The CEA LIST, Software Security Labs (LSL) is looking for candidates
for 2 postdoc positions to begin as soon as possible at Saclay,

* Quick position descriptions:

Both positions include theoretical research and OCaml development
related to Frama-C, a framework for code analysis of C programs.

1. Function Synthesis for C Programs from Formal Specifications:

the aim of this postdoc is to automatically generate a function body
that satisfies a given function contract. This way, it becomes
possible to test a function which calls an undefined-but-specified
function. See link below for details.

2. Program Transformation for Information Flow Analysis of C Programs:

the aim of this 18-months research-engineer position is to improve
a program transformation tool which tracks information flows of
C programs. See link below for details.

* Context:

The successful candidates will work in the CEA LIST's new offices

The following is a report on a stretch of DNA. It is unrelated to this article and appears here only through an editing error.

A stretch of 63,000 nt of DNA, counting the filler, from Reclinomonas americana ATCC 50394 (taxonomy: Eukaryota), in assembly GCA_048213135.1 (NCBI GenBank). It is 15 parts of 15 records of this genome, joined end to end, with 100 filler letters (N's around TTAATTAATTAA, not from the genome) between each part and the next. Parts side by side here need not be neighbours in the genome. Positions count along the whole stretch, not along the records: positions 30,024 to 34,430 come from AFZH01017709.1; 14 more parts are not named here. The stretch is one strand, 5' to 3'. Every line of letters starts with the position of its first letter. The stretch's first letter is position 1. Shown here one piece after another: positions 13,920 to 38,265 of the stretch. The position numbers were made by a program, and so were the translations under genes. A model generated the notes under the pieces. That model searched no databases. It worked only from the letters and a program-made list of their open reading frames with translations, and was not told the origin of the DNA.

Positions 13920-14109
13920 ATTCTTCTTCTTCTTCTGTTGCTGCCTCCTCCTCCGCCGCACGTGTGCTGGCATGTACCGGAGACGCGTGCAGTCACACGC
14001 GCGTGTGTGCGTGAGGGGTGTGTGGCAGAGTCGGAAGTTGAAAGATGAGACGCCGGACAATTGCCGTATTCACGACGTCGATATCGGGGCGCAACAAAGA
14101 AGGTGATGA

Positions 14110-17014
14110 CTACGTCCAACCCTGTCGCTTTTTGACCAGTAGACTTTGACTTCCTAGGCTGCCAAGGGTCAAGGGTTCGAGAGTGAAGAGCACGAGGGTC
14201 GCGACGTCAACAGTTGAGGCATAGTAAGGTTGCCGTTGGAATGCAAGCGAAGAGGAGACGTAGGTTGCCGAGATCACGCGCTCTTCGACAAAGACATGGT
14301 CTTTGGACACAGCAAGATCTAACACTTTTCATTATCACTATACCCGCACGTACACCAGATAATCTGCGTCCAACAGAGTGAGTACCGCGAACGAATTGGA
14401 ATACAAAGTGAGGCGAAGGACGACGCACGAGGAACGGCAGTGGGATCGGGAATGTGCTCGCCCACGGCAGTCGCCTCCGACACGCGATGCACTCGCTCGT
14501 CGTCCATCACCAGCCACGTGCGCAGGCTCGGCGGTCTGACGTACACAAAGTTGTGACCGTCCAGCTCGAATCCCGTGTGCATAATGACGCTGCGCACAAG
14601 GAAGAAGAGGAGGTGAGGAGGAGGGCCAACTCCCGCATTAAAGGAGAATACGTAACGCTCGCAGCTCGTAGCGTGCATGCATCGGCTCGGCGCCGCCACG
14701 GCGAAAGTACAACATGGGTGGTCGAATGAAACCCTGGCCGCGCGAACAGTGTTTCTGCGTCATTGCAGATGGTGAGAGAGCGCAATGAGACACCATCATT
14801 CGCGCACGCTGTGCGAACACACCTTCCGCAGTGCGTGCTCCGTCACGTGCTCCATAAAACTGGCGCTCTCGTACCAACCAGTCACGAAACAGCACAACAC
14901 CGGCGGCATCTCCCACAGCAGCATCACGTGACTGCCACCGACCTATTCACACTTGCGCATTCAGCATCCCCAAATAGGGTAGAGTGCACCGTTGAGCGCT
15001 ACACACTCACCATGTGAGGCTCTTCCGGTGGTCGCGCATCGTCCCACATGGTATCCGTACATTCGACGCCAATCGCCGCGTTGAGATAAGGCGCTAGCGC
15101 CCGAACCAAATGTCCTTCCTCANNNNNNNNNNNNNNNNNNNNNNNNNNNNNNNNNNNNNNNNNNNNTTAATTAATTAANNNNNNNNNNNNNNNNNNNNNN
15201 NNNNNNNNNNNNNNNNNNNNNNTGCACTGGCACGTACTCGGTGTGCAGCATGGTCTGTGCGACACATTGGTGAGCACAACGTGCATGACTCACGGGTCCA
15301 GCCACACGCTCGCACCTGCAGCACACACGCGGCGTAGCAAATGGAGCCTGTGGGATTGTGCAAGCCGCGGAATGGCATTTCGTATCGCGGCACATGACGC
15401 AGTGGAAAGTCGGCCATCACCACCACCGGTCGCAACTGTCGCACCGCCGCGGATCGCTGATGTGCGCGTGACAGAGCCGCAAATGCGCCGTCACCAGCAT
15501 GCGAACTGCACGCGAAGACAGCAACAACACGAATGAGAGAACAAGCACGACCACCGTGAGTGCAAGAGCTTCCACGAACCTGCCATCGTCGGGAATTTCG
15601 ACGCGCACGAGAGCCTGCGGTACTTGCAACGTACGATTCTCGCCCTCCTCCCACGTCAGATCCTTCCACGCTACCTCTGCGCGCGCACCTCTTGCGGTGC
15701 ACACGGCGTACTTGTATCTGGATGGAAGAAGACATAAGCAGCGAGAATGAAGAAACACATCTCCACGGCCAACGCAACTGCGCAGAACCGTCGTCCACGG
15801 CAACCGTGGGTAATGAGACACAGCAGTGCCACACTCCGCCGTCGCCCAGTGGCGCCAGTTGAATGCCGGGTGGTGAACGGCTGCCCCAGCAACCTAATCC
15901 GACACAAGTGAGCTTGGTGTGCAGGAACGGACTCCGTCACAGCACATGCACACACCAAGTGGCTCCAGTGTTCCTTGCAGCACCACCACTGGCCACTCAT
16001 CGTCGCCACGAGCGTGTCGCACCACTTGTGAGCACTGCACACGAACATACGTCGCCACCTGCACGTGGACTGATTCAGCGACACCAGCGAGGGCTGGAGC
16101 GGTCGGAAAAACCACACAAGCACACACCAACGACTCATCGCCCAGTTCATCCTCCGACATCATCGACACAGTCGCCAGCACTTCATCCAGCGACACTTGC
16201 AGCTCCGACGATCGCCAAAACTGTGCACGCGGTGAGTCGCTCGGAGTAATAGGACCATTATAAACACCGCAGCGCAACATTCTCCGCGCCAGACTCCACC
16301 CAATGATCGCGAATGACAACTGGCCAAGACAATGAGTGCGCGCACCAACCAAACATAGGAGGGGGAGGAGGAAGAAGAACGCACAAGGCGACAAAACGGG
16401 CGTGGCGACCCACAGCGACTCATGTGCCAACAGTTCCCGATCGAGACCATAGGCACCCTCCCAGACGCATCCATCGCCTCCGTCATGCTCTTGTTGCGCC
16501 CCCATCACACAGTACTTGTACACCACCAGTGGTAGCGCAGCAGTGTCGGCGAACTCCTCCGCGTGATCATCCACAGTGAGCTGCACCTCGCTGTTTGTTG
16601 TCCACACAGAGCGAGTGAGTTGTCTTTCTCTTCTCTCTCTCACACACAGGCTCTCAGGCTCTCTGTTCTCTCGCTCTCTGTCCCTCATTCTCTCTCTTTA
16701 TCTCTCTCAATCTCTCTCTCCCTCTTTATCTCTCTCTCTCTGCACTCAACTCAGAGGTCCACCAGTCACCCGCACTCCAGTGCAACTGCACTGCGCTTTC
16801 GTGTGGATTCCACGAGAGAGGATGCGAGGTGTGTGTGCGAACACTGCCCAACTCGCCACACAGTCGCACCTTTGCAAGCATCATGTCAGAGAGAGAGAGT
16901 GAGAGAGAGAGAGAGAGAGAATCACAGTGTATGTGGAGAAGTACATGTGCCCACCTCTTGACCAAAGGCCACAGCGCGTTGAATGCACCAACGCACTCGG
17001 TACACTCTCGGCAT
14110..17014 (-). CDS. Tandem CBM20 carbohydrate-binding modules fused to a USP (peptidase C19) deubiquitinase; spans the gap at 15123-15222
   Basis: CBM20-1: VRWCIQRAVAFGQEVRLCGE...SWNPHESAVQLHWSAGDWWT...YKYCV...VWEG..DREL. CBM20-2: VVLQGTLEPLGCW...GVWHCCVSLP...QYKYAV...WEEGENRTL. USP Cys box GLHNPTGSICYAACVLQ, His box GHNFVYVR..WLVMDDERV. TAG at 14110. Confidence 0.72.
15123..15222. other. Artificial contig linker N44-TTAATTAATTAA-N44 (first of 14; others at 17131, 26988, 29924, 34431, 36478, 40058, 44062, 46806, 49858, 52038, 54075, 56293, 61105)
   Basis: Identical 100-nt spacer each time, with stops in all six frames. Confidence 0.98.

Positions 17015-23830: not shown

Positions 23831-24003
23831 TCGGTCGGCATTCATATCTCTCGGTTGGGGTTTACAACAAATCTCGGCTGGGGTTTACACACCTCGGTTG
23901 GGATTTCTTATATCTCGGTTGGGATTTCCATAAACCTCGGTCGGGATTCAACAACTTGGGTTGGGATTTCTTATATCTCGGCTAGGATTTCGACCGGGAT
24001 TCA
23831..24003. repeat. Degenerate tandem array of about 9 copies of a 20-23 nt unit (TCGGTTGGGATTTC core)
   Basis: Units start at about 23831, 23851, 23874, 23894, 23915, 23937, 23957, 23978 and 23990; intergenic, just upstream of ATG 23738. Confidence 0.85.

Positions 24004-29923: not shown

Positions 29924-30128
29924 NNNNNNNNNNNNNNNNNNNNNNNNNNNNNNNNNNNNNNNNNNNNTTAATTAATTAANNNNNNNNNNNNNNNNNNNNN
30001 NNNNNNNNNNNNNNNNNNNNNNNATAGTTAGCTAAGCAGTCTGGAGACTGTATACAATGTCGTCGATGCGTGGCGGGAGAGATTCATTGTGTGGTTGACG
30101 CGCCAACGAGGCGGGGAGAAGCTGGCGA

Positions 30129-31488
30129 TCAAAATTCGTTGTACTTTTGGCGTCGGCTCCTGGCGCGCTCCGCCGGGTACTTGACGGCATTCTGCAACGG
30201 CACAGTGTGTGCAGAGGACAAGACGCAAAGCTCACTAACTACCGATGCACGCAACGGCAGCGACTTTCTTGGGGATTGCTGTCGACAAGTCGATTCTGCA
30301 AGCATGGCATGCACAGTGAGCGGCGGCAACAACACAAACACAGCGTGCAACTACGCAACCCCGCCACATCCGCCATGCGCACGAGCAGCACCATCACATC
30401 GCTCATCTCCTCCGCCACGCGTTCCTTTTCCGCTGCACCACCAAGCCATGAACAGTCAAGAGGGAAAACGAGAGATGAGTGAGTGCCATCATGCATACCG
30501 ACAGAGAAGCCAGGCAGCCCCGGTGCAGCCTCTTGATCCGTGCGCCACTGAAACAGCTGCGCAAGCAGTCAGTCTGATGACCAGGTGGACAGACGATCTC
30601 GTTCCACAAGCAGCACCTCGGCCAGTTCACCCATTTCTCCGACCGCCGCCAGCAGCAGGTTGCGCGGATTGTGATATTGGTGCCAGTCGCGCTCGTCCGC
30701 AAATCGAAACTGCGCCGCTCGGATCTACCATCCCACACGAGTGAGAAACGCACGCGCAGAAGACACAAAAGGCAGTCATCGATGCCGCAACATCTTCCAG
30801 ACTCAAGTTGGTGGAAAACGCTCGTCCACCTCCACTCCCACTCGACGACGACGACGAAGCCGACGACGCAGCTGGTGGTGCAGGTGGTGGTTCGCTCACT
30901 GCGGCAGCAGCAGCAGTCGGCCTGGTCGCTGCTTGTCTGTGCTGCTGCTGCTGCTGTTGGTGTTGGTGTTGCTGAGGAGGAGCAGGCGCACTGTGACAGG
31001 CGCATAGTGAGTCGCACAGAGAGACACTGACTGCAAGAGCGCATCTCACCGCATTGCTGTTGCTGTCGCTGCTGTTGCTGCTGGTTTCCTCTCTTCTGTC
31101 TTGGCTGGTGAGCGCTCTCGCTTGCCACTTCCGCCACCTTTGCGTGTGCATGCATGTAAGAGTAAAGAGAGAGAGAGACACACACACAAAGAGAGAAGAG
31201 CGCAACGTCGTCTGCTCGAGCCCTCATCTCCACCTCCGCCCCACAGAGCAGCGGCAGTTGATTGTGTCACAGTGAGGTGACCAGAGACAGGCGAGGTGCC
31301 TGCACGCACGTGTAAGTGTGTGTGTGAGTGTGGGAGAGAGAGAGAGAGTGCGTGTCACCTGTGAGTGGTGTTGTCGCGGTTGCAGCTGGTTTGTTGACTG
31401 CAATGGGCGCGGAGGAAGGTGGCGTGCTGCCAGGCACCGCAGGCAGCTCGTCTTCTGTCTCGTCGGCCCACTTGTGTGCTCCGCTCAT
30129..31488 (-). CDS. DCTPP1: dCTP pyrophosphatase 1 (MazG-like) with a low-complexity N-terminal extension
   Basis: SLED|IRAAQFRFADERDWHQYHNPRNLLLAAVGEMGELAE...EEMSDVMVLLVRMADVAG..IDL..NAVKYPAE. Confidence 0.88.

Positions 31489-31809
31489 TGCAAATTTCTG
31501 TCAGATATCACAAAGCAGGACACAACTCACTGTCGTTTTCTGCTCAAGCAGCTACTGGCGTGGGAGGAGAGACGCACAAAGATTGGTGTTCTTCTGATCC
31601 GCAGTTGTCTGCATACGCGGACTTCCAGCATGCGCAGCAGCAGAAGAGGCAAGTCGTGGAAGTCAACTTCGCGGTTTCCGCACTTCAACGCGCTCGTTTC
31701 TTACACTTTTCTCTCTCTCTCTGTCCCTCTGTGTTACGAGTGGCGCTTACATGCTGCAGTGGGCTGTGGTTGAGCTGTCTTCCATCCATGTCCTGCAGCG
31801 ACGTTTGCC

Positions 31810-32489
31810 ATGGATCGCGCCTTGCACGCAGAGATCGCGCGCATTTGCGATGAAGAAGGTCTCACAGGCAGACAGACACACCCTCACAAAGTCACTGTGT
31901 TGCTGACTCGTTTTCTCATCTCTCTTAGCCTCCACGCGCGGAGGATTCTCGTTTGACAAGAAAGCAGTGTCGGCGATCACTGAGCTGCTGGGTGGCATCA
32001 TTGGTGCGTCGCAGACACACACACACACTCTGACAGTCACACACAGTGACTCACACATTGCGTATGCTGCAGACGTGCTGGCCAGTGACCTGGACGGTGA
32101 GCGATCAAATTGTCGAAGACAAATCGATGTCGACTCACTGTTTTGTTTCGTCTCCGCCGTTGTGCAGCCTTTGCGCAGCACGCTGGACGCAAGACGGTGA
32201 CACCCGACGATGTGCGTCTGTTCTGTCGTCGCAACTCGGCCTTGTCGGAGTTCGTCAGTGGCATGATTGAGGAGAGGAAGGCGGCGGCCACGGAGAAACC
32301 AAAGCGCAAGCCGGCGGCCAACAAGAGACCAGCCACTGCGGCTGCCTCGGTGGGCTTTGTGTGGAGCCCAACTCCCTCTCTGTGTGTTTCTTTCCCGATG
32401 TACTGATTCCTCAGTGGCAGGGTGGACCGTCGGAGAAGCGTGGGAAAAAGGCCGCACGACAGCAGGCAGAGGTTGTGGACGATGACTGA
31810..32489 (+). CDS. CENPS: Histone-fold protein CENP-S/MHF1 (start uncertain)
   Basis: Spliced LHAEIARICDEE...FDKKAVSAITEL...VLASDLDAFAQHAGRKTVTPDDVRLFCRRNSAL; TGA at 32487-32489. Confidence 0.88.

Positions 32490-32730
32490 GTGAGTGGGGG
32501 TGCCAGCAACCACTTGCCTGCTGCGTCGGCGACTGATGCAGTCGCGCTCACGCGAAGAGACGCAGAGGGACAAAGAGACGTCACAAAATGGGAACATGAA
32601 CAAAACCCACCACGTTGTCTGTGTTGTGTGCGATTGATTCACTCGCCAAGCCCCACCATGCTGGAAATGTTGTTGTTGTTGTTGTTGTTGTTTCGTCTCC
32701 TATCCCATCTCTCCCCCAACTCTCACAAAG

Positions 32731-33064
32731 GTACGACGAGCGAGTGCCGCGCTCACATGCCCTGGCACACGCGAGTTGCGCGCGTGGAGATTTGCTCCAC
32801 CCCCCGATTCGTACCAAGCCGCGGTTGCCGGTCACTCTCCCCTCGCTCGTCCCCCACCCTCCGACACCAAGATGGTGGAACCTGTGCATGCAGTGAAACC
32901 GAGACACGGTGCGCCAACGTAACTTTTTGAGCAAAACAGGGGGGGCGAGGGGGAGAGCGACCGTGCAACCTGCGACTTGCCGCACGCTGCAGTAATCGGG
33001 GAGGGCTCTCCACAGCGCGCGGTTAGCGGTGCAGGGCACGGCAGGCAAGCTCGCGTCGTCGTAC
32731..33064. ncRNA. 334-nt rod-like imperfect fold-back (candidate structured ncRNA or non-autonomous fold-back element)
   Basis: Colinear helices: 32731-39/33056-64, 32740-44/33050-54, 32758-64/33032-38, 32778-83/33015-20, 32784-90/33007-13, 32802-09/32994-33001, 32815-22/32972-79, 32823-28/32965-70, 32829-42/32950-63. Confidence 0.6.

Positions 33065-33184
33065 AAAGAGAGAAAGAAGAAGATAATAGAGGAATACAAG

located at the heart of Campus Paris Saclay, in the largest European
cluster of public and private research.

* Requirements:

Candidates should have a Ph.D. in Computer Science (at least, the
defense is planned soon). They should be familiar with several of the
following topics:
- functional programming (OCaml)
- semantics of programming languages (ISO C 99)
- compilation techniques
- formal specification
- logic (first subject)
- information flow security (second subject)

* Application:

Applicants should send an email to Julien Signoles (Julien.Signoles
_at_ including a CV and a motivation letter.

* Links:



Other OCaml News

From the ocamlcore planet blog:
Thanks to Alp Mestan, we now include in the OCaml Weekly News the links to the
recent posts from the ocamlcore planet blog at <>.

Recursive lists in C++:

Unikernel demo at FOSDEM:

I wrote a book about OCaml (in Portuguese):

Ninth OCaml compiler hacking evening (back in the lab, with a talk from Oleg):

Release of Bookaml 2.0:

Old cwn